Over the past few years, we’ve seen Amazon’s Alexa voice assistant expand to a wide array of electronics. This includes robots, appliances, and even bathroom mirrors. But there is one product category that Alexa hasn’t yet made an appearance in – soundbars. While you could already connect an Echo Dot to a soundbar, there hasn’t been one with Alexa already integrated.
A couple of weeks ago, Mark Zuckerberg made a statement following the realization that Facebook’s platform was used to influence the outcome of the 2016 United States election. Today, Facebook offers a more specific look at how exactly it is restricting users’ data from falling into the wrong hand while admitting that at least 87 million accounts’ information were improperly shared with Cambridge Analytica (70 million accounts were of the US). A lot of user data was available through APIs, or Application Program Interface, which would allow third parties to pull information from…
That’s how much interest the U.S. government has in regulating gene-edited crops. And while that might sound a dramatic stance, it’s actually just a more formal articulation of a policy that’s been hinted at for years.
Last week, U.S. Secretary of Agriculture Sonny Perdue issued a statement clearing up the U.S. Department of Agriculture’s (USDA’s) stance on crops created using gene-editing techniques such as CRISPR.
This is a pretty significant departure from the USDA’s approach to genetically modified organisms (GMOs). Their names may be similar, but the products themselves are as different as apples and genetically modified oranges.
With gene editing, scientists make simple, precise changes to a crop’s genome, snipping out certain parts or adding in others. Want mushrooms that don’t brown as quickly? Delete the genes that contribute to browning, like researchers at Pennsylvania State University did in 2016. The key is that the gene-edited crops could appear naturally in the wild.
With genetic modification, scientists mix and match genes from different organisms. Want soybeans that are immune to pesticides? Insert DNA from a pesticide-resistant bacteria right into the soybean seeds. Yeah, that’s not happening naturally, even if you get the soybeans and the bacteria super drunk.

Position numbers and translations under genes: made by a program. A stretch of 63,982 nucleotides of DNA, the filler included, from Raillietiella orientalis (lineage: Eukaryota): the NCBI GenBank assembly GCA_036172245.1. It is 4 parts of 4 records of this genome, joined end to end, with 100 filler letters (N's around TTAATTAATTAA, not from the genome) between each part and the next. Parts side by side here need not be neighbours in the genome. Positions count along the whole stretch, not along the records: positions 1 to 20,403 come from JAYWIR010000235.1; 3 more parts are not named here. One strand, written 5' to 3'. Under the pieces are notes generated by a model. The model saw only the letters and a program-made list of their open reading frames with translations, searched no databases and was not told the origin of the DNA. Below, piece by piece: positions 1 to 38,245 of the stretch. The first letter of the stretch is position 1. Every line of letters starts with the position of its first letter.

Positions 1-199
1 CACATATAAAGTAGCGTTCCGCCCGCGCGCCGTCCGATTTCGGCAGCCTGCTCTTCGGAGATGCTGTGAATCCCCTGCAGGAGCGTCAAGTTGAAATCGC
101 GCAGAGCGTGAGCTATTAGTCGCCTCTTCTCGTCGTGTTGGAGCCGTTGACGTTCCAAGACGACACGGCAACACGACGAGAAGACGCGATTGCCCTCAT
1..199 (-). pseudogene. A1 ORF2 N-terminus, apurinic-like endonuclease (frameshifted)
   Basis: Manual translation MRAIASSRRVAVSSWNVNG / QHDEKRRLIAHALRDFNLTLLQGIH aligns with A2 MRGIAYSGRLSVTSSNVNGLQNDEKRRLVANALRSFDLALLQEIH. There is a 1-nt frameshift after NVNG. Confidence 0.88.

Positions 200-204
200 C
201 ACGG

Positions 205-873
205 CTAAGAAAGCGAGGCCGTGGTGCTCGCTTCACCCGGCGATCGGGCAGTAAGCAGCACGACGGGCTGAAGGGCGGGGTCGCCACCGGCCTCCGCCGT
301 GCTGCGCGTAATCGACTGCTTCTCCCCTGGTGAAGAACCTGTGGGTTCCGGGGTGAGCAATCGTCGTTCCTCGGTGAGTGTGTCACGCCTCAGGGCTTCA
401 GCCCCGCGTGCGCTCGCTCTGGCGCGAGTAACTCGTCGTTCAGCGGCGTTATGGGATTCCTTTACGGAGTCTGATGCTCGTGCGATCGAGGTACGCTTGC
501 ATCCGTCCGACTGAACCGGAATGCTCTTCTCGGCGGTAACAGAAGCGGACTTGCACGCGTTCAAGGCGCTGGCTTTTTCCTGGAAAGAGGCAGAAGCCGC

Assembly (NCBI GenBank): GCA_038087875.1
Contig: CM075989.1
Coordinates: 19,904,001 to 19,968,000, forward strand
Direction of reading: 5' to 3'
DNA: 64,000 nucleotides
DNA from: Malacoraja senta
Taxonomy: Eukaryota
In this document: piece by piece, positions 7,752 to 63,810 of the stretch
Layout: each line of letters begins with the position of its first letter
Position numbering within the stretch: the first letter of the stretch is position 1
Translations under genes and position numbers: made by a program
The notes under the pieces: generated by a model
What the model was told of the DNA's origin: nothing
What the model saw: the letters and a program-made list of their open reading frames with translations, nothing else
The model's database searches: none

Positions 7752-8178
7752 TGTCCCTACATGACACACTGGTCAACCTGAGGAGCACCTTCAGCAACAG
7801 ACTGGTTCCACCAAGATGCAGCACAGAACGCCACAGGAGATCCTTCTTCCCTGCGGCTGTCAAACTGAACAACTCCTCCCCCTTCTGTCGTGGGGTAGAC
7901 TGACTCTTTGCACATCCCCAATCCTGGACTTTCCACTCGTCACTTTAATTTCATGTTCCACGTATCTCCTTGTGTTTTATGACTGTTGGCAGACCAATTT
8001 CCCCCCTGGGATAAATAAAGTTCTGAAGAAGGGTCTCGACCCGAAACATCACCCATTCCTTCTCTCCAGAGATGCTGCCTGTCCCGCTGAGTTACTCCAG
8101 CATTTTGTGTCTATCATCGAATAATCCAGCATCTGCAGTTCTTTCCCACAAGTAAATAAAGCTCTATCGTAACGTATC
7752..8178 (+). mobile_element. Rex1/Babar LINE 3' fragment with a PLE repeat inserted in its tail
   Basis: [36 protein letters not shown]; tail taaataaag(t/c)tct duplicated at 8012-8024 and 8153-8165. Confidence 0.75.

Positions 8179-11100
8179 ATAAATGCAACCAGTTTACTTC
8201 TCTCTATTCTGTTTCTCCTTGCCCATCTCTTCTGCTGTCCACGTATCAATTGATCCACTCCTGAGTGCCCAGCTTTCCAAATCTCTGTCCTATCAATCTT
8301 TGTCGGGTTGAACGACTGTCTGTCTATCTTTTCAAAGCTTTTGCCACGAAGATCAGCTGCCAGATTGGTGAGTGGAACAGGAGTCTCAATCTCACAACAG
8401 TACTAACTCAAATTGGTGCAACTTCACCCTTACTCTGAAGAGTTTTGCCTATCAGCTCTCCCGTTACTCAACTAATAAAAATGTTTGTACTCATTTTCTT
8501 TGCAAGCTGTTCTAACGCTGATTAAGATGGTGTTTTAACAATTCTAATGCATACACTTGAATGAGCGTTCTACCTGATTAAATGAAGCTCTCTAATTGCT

The USDA was already taking a hands-off approach to gene-edited foods even before Purdue put it in writing.
In 2016, the department confirmed it wouldn’t regulate those browning-resistant mushrooms— the first time a CRISPR-edited food got the go-ahead from the department. Since then, it’s given another dozen or so crops the same treatment, according to Wired.
Perdue’s statement just makes it official: The USDA has complete faith in the safety of gene-edited crops. In fact, not only does Perdue think gene-editing food is totes safe, he also sounds like a straight-up fanboy.
“Plant breeding innovation holds enormous promise for helping protect crops against drought and diseases while increasing nutritional value and eliminating allergens,” Perdue wrote in the statement. “Using this science, farmers can continue to meet consumer expectations for healthful, affordable food produced in a manner that consumes fewer natural resources. This new innovation will help farmers do what we aspire to do at USDA: do right and feed everyone.”
The confusing rhetoric and rampant misinformation surrounding GMOs? There’s no need for that with gene-edited crops. That’s good news for consumers.
And it’s not too shabby for gene-editing researchers, either. They may have suspected the USDA wouldn’t oppose their work, but now they can be certain. Confidence in regulatory smooth sailing may help scientists secure funding for further research.
Once a gene-edited product is ready for stores, it won’t bear any special identifying marker, such as the labels on GMO’d foods. Those can function like a scarlet letter, keeping supermarkets and consumers away from foods that are in many ways superior to their conventionally-grown counterparts.